But Ain isn’t backing down. With the support of her family, she’s determined to #makeschoolasaferplace for girls and boys.
“I don’t want anyone else to go through this or to feel unsafe in school. The teacher who made those comments must be held accountable and the student who threatened to rape me too. The officials need to take this seriously. Why does something have to go viral before the officials take action. My voice should count. And all students should feel safe enough in school to call out anything inappropriate they face or if they feel unsafe, right?” she says.
Ain’s father, Saiful Nizam, is standing by her 100% but is also deeply concerned about the well-being of his young daughter.
“We are very proud of Ain and her courage to speak up and I will stand by her. Change takes time but there has already been some positive change on social media with many other youngsters coming forward to share content that is beneficial and speak up courageously too.
“But Ain is still a young girl and as her father, I feel sad that she’s had to face such a situation in the first place. As an adult, I am ashamed to see the comments that have been made about her and the situation, ” he says.
Standing for what they believe
“We’re an ordinary Malay family, ” says Saiful. “There is really nothing special about us but my wife and I have always trusted our children to explore, make mistakes and learn from those mistakes. Of course if they cross the line, there are repercussions. But, we believe every child has the potential to grow and achieve great things. I trust Ain and I’m proud of her, ” says Saiful who has been by Ain’s side throughout this period.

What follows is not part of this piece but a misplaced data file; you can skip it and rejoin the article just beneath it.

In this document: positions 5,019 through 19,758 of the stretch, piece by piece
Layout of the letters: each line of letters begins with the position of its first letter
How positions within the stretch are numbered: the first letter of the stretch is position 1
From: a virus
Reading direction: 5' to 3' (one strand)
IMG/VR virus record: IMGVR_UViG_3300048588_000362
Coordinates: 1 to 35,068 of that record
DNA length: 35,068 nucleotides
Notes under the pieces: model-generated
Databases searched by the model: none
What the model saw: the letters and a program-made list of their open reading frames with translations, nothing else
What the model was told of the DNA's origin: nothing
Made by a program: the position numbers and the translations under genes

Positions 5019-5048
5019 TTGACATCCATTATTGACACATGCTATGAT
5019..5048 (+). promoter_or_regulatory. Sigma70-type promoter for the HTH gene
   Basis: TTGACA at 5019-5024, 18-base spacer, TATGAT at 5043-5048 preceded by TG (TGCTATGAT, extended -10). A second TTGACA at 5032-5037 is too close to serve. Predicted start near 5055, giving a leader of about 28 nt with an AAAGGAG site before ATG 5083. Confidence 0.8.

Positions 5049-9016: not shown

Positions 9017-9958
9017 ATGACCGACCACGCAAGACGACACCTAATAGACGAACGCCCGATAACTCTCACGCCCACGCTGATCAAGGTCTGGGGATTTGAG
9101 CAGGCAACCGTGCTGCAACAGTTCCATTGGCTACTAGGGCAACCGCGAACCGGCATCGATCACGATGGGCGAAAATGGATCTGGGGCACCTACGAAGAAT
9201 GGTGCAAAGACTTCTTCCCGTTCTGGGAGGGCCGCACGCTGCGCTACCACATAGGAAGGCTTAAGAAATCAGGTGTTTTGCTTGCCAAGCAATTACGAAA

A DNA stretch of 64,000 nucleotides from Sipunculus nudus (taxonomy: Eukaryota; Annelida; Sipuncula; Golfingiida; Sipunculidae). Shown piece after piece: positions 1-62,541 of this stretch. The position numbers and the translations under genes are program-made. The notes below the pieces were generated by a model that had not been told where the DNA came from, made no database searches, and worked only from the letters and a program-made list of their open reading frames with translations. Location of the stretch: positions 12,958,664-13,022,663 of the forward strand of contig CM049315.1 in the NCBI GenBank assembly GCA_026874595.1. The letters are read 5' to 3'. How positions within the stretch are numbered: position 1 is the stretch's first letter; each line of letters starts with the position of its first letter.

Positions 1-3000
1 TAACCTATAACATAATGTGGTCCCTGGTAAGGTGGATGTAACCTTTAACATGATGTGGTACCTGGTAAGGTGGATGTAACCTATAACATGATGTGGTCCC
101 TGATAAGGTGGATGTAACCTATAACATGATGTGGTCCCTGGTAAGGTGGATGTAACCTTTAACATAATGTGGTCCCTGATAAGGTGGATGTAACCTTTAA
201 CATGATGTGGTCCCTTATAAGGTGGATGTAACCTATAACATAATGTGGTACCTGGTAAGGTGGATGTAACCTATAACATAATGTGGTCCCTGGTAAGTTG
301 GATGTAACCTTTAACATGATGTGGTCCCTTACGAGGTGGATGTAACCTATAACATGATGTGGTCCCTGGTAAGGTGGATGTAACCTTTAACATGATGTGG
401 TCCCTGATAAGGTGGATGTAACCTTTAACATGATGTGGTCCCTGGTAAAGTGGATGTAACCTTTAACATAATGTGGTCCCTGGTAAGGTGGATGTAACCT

Saiful says that he has been very careful about the interviews and “live” sessions that Ain participates in. While he realises it is important to let Ain push for change in schools through her #makeschoolasaferplace movement, he doesn’t want her to be overwhelmed.
“I need to protect Ain. There has been non-stop requests for interviews and discussions but Ain is still a teenager and I don’t want her to be burdened and overwhelmed by all this. She still needs time for her schoolwork and also time for herself, ” he says.
Ain says that her siblings, “except the little one”, are aware of and understand “what’s going on”.
“Even my 15-year-old brother can understand how wrong it (the comment made by the teacher) is. Students, don’t be afraid to speak out and call wrong action out. We are going to be the future leaders of our country. They have to listen to us. Our opinions are valid. Our voices count. I was afraid too, but I knew that it was wrong and I couldn’t be silent and I can’t be silent, ” says Ain.
Ultimately Ain is a schoolgirl. The onus should be on the adults and authorities to act concretely to stem unhealthy and unsafe practices in school to validate Ain’s call for a safer environment. It’s now up to the women MPs who have pledged their support to deliver.